Since that time, God has kept His promise to me—He’s loved me unconditionally as only He can. The Lord also restored the relationship between my father and me. God has also called me on the promise I made to Him that night. He has placed an insatiable desire in my heart to see my Jewish people saved. He has called me to serve Him as a witness to my people.
Please pray that God would use me to reach Jewish people who also have spiritual voids in their lives.
Meet Bruce and Tracy Rapp
My parents fled to the United States as Hitler began his invasion of Poland. I can still remember my mother showing my brother, sisters and me pictures of family members who were not so fortunate and whose lives ended in Auschwitz. I was only seven years old when these memories were burned into my heart and mind. I can still hear my mother weeping and saying to me, “Never forget who you are. Never forget your birthright.”
I am a Jew. I was born of Jewish parents. My full name is Baruch Chaim Yitzalk Ben Mordechi. In English, that’s Bruce Howard Ira, son of Marvin. I grew up in Brooklyn, New York in a predominantly Jewish neighborhood. My mother kept a kosher home, and every Saturday my brother and I went with Grandpa Moishe to shul (synagogue) for Shabbat services.
At age seven I entered Hebrew school and learned to read and write in the language of my forefathers. I knew nothing of Jesus, in fact I vividly recall the first time I heard His name. During the winter months it was already dark by the time I left Hebrew school, and I had to walk several blocks. During one such evening some older boys accosted me. They beat me and told me I killed Christ Jesus. I asked my rabbi about this Jesus and he waved his hand and said, “Just study your Torah portions. Jesus is not for us.”
In accordance with Jewish tradition I became a bar mitzvah at the age of thirteen.
After that, as with many Jewish boys, my religious studies pretty much ended. Years went by and I married a wonderful woman named Tracy and we had two beautiful children. I agreed to send the younger, my son Jordan, to a Christian school. I was not especially happy about it, but was even less enthusiastic about the public schools available to him. And I reasoned that at least he would learn about the heroes of the Old Testament like Moses, Noah, David and King Solomon.
It was Easter week, 1993 when we were invited to the annual Easter production at the church and school. It was a presentation of the life and times of Jesus Christ. The chapel was decorated and filled with people. As the lights went down, the pastor began to speak. He spoke about Jesus, referring to Scriptures of the Old Testament: Isaiah 53, Micah 5, Psalm 22 to name a few. My ears perked up. These are verses from the “Jewish Bible.” Could it be true? Or were they changing the words?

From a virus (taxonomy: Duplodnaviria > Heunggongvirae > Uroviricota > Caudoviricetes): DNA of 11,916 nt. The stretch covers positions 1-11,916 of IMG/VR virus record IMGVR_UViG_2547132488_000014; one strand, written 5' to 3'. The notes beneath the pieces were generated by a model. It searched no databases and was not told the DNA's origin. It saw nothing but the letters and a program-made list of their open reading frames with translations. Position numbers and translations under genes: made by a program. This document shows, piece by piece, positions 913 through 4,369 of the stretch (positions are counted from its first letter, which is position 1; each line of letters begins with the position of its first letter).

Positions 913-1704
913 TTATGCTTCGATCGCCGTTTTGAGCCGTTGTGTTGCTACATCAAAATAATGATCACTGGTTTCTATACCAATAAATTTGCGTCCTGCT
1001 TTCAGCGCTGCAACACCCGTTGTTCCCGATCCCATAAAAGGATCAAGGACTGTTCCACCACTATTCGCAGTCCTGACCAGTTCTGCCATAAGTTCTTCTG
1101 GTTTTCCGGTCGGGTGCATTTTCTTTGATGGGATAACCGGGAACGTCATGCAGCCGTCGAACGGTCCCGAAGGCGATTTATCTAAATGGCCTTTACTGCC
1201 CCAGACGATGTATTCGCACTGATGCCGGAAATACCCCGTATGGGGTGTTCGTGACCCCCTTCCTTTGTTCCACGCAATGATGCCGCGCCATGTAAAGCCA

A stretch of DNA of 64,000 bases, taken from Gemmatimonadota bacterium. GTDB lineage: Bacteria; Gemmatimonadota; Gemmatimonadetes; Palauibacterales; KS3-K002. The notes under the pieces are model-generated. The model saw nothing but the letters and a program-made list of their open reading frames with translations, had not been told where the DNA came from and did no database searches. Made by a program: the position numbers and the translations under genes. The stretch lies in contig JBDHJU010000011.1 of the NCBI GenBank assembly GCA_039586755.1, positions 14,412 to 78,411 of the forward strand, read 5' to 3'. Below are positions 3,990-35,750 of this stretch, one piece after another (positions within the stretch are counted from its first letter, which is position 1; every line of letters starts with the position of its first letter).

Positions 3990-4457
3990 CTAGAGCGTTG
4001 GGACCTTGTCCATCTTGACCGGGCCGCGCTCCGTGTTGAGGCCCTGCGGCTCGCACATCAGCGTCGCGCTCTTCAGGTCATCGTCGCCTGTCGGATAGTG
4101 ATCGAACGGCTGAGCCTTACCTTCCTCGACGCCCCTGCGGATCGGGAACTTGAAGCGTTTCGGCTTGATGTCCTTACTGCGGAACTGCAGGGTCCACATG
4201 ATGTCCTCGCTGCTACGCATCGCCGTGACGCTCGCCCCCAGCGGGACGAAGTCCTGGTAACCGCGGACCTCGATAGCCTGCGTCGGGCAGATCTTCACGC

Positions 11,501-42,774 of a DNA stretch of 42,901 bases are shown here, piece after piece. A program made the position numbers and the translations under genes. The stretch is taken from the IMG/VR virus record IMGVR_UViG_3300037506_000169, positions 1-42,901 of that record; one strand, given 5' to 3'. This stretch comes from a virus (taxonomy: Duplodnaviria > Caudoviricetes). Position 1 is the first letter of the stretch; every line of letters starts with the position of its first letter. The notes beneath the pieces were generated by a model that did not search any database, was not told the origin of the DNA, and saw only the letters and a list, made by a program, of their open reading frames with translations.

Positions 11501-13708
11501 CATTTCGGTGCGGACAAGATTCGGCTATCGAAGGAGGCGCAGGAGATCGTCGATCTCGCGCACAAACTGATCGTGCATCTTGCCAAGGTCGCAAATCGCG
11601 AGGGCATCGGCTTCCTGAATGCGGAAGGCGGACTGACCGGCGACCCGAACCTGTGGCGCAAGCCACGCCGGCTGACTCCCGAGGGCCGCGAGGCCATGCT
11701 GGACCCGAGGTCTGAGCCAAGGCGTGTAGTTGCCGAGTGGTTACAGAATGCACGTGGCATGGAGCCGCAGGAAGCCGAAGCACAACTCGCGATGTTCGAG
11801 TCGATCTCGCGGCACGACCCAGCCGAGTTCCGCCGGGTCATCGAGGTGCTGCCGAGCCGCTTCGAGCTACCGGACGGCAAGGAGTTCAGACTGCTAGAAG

I could not forget what I heard that night. I began to search and read everything I could get my hands on. I found myself going to this Bibleteaching church every time there was a service or Bible study. My family could not believe it. I could not believe it, nor for that matter stop myself.
Several weeks later I gave my heart and soul to Yeshua. As for Tracy, she always believed she was a Christian, as she grew up in a church and felt close to God as a child. Her parents divorced when she was a teen and she walked away from her faith at that time. She came back to the Lord in 1988 and began to grow in Him. Tracy’s and my search coincided timewise but we were on different paths to God. Tracy began going back to church and taking the kids with her. We actually committed our lives to the Lord around the same time. I became a Co-Laborer (volunteer) with Jews for Jesus. Tracy decided she wanted to do the same a couple of years later.
Soon I wanted to be more involved. I joined the administrative staff as the director of our department of mobile evangelism, but felt that God was calling me to front-line missionary work. And here I am, training back in New York—God has brought me full circle!
Tracy has been sitting in on many of the training classses and is excited about what she is learning. She says, “While I’m homeschooling our youngest, my involvement is mainly limited to classes and much prayer. I love supporting Bruce in this ministry and will be interested to see what more God might have for me down the road. My heart’s desire is to be an outreach worker with Jews for Jesus.”